WEDEMAN:Probably it goes immediately to the U.N. agency for Palestinian refugees. The agency says they're suffering from a lack of funds. Number of people who have south refuge at the more than 60 U.N. Schools in Gaza basically doubled in the last 48 hours. Therefore, they need help desperately. So that's probably the first target for that money. But it may be just a drop in the bucket as that is number of people going into those schools seems to increase daily by the thousands -- Jim. SCIUTTO:Ben, as you've been speaking we've been seeing a lot of

pictures of the many children caught up in this. Guys, one of the most densely populated places in the world.

Ben Wedeman in Gaza, thanks very much and stay safe.

I want to bring in our own Wolf Blitzer now. He's been covering the region for years, for decades. He's in Jerusalem now.

Wolf, from the Israeli side, seven Israeli soldiers killed in the last 24 hours. There were 13 yesterday. How significant is that very high and I have to think unexpected death toll on the Israeli side?Does it affect the commitment to this operation?

BLITZER: It certainly does. From the Israeli perspective, they see right now 25 Israeli soldiers, a total over the past several days, have been killed and dozens have been injured.

And you know, the Israeli media, they focus on these soldiers. If you watch Israel television, you see the pictures of the soldiers who have been killed, their names, ages, their units. There's usually some somber music that plays. And so the country as a whole, they mourn for these soldiers, and they will -- it's a small country. So people know each other. So it does have an important impact.

Some people react and say you've got to go into Gaza and finish the job and send even more troops. Others say, you know what, this was a mistake, get out. Get a cease-fire. We don't want any more Israeli soldiers. So there's a significant debate going on in Israel about it, but there's no doubt that the Israeli military casualties play an important role in trying to shape attitudes of the folks at large, and they in turn have an impact on the government.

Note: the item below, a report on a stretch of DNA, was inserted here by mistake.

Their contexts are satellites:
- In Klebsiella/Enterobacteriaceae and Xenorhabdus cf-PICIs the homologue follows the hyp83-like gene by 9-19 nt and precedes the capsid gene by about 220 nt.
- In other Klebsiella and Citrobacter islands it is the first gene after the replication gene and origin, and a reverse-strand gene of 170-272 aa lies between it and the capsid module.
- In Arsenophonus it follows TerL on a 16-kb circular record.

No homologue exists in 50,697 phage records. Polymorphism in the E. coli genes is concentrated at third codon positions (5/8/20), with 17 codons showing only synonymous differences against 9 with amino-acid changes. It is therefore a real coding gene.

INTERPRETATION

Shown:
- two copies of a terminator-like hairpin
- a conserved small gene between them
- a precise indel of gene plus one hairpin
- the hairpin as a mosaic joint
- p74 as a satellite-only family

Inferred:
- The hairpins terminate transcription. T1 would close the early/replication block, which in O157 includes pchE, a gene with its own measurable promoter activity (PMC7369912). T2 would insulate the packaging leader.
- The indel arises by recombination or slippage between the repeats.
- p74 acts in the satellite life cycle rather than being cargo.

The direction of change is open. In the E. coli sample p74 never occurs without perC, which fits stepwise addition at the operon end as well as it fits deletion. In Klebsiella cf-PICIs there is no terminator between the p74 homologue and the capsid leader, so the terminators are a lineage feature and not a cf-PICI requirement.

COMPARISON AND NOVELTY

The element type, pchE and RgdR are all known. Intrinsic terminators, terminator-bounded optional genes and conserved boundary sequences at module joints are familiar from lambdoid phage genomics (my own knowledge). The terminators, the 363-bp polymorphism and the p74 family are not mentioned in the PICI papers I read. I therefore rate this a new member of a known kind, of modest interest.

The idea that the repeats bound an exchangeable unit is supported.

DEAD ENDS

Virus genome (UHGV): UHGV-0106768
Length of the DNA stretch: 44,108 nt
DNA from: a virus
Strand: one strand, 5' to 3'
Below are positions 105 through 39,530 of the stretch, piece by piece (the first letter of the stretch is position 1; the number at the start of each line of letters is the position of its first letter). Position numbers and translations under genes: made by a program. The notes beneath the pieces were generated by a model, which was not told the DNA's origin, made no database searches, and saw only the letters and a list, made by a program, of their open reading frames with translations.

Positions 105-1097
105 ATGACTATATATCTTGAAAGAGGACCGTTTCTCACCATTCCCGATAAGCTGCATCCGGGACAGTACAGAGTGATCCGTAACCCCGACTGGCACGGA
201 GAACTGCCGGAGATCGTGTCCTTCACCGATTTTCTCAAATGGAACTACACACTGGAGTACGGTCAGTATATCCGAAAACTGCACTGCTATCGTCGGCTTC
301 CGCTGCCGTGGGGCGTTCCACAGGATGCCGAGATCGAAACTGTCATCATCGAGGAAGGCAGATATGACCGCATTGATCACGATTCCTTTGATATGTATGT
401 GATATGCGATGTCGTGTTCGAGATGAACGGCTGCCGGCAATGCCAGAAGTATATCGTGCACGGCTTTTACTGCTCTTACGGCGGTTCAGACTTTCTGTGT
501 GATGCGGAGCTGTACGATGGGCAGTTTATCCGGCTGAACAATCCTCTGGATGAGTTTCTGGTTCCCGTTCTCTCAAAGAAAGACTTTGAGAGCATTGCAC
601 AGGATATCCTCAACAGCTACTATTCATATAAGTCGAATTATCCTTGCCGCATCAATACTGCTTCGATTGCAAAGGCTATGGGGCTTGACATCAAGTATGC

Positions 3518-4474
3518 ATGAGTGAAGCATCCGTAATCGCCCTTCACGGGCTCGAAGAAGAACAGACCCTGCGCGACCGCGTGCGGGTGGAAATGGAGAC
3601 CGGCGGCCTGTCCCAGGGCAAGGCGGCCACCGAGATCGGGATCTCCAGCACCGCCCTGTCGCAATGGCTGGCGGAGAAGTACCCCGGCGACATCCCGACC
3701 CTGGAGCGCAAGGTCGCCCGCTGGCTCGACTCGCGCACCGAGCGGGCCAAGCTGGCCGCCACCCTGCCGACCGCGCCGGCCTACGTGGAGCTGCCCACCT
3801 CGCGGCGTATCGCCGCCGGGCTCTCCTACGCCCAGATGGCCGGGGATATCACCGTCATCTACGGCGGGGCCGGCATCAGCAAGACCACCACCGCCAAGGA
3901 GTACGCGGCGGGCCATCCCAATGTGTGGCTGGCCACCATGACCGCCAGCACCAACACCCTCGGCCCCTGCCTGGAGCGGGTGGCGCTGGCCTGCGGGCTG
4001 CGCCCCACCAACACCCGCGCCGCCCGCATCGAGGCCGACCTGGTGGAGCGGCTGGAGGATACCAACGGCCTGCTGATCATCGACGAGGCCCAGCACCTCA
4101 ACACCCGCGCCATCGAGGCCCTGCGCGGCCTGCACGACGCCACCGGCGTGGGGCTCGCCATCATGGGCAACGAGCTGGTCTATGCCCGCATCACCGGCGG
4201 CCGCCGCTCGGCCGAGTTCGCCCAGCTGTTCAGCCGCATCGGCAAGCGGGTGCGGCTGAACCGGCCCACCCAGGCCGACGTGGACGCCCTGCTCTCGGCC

SCIUTTO: No question. Now we've learned two Americans among the Israeli soldiers killed.

Another facet of this you know better than anyone is the PR war, particularly from Israel, in defending attacks which have killed Palestinian civilians. I know you talked to Prime Minister Netanyahu. What did he tell you about how the world is viewing this conflict, particularly Israel's role?I know that from the Israeli side, they don't consider it fair.

BLITZER: Well, they take a look at it and they say you know what? Israel accepted that cease-fire. They accepted that cease-fire proposal that the Egyptians put forward. Hamas rejected it. They say a lot of these Palestinians would be alive right now if Hamas had accepted that cease-fire.

So Netanyahu and so many other Israeli officials, they put all of the blame directly on Hamas. They say if they're going to continue sending rockets and missiles into Israel, Israel like any other state, would respond and try to stop that threat.

But right now, I just say the biggest fear the Israelis have are those underground tunnels going from Gaza into Israel. Infiltrators could come in and kill Israelis so they are working on that. That's priority number one.

SCIUTTO: I think the Israelis saying some of the attacks that have killed Israeli soldiers resulted from attackers coming through those tunnels. Thanks very much to our Wolf Blitzer in Jerusalem.

Coming up next here, it seemed impossible only days ago. A passenger plane flying higher than the clouds shot out of the sky. The question is, could it happen again. My next guest says yes, and the terrorists might already be working on it.

(COMMERCIAL BREAK)

TAPPER: Welcome back to THE LEAD. In World News, the evidence is mounting, but whether pro-Russian rebels were really responsible for shooting a passenger jet out of the sky over Ukraine or not, what is to stop other terror groups from trying to pull off the same deadly stunt somewhere else?

I want to bring in national security analyst Bob Baer. He also a former CIA operative. But you know, you and I were talking over the weekend. The one thing that stuck with me was the idea that these long-range missile systems are not confined to Eastern Ukraine. They're in other countries like Syria. How possible is a copycat killing or shoot down rather like this to happen somewhere else?

BOB BAER, CNN NATIONAL SECURITY ANALYST: I think the chances are good. You look at the terrorist groups. They're saying look at all the attention Ukraine is getting if we fired at an airplane and brought it down, we would get the same attention. They will do want attention. But for the intelligence community, the real fear is shoulder-fired weapons.